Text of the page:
11 Dec 2019 by Mike Weaver
Integration: The Final Step in Change Management
The final step in successful change management is the Integration stage. Here’s how to bring everything together. Watch now.
I recently had the opportunity to take a look over the latest edition of the Office 365 for Exchange Professionals eBook by Tony Redmond, Paul Cunningham and Michael Van Horenbeek.
This is exactly the kind of book you would expect from authors of this calibre. These guys are industry legends and this is immediately obvious when you start to read each chapter.
The book starts off gently, giving the reader some fantastic background and insight into the origins of Office 365 and the architecture that supports Microsoft’s Infrastructure. The chapters follow a logical order, progressing from how to decide if a cloud environment is right for your organisation through Migration to Day to Day management of Exchange Online.
I personally like the no-fuss way they explain the intricacies of some of Exchange Online’s more advanced features such as the various Compliance and Audit features. It has become incredibly important that IT administrators understand the implications of how these tools impact the business side of an organisation to ensure that regulatory rules are not breached inadvertently.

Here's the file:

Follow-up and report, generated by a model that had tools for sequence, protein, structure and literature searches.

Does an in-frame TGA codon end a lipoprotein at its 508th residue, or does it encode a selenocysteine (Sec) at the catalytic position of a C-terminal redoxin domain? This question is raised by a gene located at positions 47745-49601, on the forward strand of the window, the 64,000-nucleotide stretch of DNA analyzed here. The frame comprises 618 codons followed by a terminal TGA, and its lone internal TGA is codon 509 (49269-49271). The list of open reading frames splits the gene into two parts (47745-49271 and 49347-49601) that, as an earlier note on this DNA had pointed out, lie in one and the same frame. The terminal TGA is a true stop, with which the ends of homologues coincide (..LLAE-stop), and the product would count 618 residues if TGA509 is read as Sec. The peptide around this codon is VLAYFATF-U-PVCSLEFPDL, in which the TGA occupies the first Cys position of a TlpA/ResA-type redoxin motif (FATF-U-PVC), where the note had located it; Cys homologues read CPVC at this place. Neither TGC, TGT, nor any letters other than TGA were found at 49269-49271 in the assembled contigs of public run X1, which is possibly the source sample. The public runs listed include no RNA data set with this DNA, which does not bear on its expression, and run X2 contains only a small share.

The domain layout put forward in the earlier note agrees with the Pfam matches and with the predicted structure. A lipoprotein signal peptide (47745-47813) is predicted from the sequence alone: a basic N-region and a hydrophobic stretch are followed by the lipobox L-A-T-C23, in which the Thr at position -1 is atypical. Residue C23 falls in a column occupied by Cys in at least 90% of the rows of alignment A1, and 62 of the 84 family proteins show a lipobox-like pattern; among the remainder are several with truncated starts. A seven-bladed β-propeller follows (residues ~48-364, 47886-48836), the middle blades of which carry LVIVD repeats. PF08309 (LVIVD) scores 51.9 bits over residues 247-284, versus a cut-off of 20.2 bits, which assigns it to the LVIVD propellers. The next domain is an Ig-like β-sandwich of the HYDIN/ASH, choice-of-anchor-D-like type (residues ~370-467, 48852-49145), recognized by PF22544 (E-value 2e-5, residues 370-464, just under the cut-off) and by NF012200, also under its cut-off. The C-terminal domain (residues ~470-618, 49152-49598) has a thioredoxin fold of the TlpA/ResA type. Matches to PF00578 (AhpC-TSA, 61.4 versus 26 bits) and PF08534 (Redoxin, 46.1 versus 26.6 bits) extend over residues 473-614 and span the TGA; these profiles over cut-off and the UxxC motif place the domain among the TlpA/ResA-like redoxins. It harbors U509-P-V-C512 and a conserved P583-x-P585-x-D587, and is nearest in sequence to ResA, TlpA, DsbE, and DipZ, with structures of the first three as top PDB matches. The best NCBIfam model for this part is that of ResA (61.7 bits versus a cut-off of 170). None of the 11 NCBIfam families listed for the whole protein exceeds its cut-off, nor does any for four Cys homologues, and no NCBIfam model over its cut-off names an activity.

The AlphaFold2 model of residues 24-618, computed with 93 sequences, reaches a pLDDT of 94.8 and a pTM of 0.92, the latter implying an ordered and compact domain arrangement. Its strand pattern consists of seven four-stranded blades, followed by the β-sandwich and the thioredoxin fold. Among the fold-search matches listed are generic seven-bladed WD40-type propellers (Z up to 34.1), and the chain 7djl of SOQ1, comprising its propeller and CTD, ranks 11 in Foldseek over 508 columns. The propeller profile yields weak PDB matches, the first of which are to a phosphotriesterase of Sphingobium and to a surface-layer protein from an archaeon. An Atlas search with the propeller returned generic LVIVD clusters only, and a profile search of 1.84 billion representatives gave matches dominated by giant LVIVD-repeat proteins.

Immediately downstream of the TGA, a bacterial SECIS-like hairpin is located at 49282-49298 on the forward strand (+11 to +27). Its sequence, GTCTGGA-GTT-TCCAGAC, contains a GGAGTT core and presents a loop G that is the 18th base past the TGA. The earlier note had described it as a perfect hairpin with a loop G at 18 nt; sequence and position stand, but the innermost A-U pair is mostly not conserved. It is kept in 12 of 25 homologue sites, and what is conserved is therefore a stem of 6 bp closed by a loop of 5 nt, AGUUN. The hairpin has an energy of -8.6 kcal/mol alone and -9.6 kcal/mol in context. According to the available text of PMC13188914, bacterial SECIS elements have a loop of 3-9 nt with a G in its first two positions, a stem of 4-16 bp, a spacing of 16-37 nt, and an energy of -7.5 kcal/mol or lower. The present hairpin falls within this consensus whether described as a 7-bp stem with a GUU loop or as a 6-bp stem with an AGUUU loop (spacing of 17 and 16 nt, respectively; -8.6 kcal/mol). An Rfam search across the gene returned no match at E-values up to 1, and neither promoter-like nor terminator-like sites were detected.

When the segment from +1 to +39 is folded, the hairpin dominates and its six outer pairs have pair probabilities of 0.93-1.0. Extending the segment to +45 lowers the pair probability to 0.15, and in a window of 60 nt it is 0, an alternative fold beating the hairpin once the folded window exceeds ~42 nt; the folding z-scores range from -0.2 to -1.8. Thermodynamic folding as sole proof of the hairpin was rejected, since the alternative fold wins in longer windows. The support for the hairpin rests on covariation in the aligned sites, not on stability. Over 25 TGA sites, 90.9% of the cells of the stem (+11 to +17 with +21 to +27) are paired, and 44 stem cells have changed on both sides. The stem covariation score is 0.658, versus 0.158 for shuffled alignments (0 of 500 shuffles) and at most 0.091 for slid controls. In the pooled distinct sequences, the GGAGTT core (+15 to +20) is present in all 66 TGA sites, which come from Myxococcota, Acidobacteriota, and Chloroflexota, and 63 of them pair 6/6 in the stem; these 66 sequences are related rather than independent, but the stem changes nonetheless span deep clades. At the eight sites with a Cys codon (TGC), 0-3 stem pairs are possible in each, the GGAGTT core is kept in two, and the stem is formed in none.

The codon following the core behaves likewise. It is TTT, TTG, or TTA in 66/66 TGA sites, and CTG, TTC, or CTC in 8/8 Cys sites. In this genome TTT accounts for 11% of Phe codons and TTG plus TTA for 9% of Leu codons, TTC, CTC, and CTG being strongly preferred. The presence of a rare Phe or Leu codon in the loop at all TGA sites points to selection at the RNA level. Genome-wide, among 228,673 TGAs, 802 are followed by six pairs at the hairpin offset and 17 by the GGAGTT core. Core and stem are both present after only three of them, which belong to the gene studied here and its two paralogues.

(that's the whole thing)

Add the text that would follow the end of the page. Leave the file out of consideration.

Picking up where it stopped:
This edition contains information on recently released features such as Office 365 Groups, Unified Auditing and the new REST API’s. Office 365 is evolving at such a rapid pace that it surprises me that anyone is still writing an actual book about it – however, this is cleverly mitigated in this instance by the fact that it is published as an eBook and regularly updated in line with major Office 365 product announcements.
Even though this book is aimed at Exchange administrators, it is refreshing to see the inclusion of several chapters around non-Exchange Office 365 Services such as Delve, Yammer, SharePoint and Office Video. Even if you are not responsible for these services on a day to day basis it is incredibly important that you are at least aware of them as they begin to co-exist and integrate across the entire platform.
This should definitely be on the required reading list of any IT Administrator who is about to embark on a journey to Office 365. Some of the chapters are quite in depth and can be skipped over as they are most likely irrelevant to some organisations, but it is reassuring to know that should you roll out one of these features in future there will be more than enough information available to act as a detailed reference guide. The book also contains many links to useful tools and scripts that will become indispensable as part of your Office 365 toolkit.
You can pick up the Kindle version of Office 365 for Exchange Professionals over at Amazon.